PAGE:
A lawyer acting for Paul Eagle's campaign team says the Wellington mayoral candidate's billboards do not breach electoral requirements and has requested statements alleging otherwise to be retracted.
Two previous mayoral candidates also have confirmed they were never told to take down their advertising at a similar stage of their campaigns.
An invoice viewed by the Herald shows 2016 Labour mayoral candidate Justin Lester paid for campaign advertising over the course of July that year.
Lester's opponent Nick Leggett also has pictures on his Facebook page of advertising on buses and billboards as early as May.
Labour Rongotai MP Paul Eagle announced his mayoral bid on Monday, and black and yellow billboards went live around the city that same day.
But Electoral Officer Warwick Lampp asked Eagle to remove his campaign advertisement from digital billboards until the formal election hoarding period from August 27.
Lampp said earlier this week there was a long-standing election hoarding policy allowing candidates to post advertising signs for six weeks prior to any election.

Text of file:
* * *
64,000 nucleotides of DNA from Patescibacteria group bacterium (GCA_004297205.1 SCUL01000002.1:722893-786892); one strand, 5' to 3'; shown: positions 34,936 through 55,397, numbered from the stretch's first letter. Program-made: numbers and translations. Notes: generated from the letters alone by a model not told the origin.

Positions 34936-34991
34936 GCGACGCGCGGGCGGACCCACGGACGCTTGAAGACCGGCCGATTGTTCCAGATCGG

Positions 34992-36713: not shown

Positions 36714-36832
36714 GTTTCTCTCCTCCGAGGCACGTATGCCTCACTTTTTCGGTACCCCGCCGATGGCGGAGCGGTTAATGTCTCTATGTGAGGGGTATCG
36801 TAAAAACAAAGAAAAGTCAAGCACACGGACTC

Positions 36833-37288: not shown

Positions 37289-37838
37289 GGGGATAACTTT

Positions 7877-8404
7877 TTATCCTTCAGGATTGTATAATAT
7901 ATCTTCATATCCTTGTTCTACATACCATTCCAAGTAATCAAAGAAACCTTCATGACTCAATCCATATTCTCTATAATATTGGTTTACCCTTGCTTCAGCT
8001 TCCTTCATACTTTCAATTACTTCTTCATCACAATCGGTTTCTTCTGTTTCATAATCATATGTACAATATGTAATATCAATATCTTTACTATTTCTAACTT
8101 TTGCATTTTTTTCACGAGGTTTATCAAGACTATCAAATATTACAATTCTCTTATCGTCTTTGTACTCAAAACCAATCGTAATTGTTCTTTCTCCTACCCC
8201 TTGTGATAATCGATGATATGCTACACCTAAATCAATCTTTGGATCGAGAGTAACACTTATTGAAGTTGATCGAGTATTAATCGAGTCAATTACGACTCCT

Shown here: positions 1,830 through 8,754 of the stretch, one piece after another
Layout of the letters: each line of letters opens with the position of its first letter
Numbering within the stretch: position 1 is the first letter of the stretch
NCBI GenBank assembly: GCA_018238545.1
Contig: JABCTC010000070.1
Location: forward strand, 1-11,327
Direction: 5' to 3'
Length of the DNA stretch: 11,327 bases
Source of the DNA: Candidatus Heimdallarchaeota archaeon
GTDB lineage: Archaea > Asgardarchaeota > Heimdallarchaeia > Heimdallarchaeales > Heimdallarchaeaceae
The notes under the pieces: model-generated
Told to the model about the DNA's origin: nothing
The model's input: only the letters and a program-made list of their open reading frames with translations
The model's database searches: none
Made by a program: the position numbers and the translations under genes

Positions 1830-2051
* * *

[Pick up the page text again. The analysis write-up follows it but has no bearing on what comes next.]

"The policy is designed to create a level playing field for candidates and has been generally respected for many years."
Yesterday Aaron Lloyd, a partner at law firm MinterEllisonRuddWatts, sent Lampp a letter acting on behalf of Eagle's campaign team.
Lloyd said in his letter the request to remove the advertisements was unlawful and the council's guidelines for temporary signage did not apply to the advertising Eagle has used.
He said the bylaw referred to "all temporary signs … up to three square metres in area".
"The billboards of the kind utilised by Mr Eagle are clearly not three square metres
or smaller in size."
"They are much larger, pre-existing, commercially run electronic billboards, subject
to regulatory controls in terms of resource and building consents at the time they are initially installed by their owners."
Lloyd said if Lampp had no further legal argument for his position, then he should retract public statements alleging Eagle was in breach of electoral requirements.
Lampp has been approached for comment. Wellington City Council spokesman Richard MacLean said the council's position remained unchanged.
During the 2016 Wellington mayoral race both Leggett and Lester had billboards splashed across the city before the formal election hoarding period.
A Go Media invoice for Lester's campaign showed he paid for advertising on Vivian St, Dixon St, and the corner of Victoria & Vivian Sts over the course of July.
Leggett told the Herald he also had billboards during that time and was never told to take them down.
"I stand by the fact my billboards were up in July 2016 and I defend Paul Eagle's right to have his billboards up now."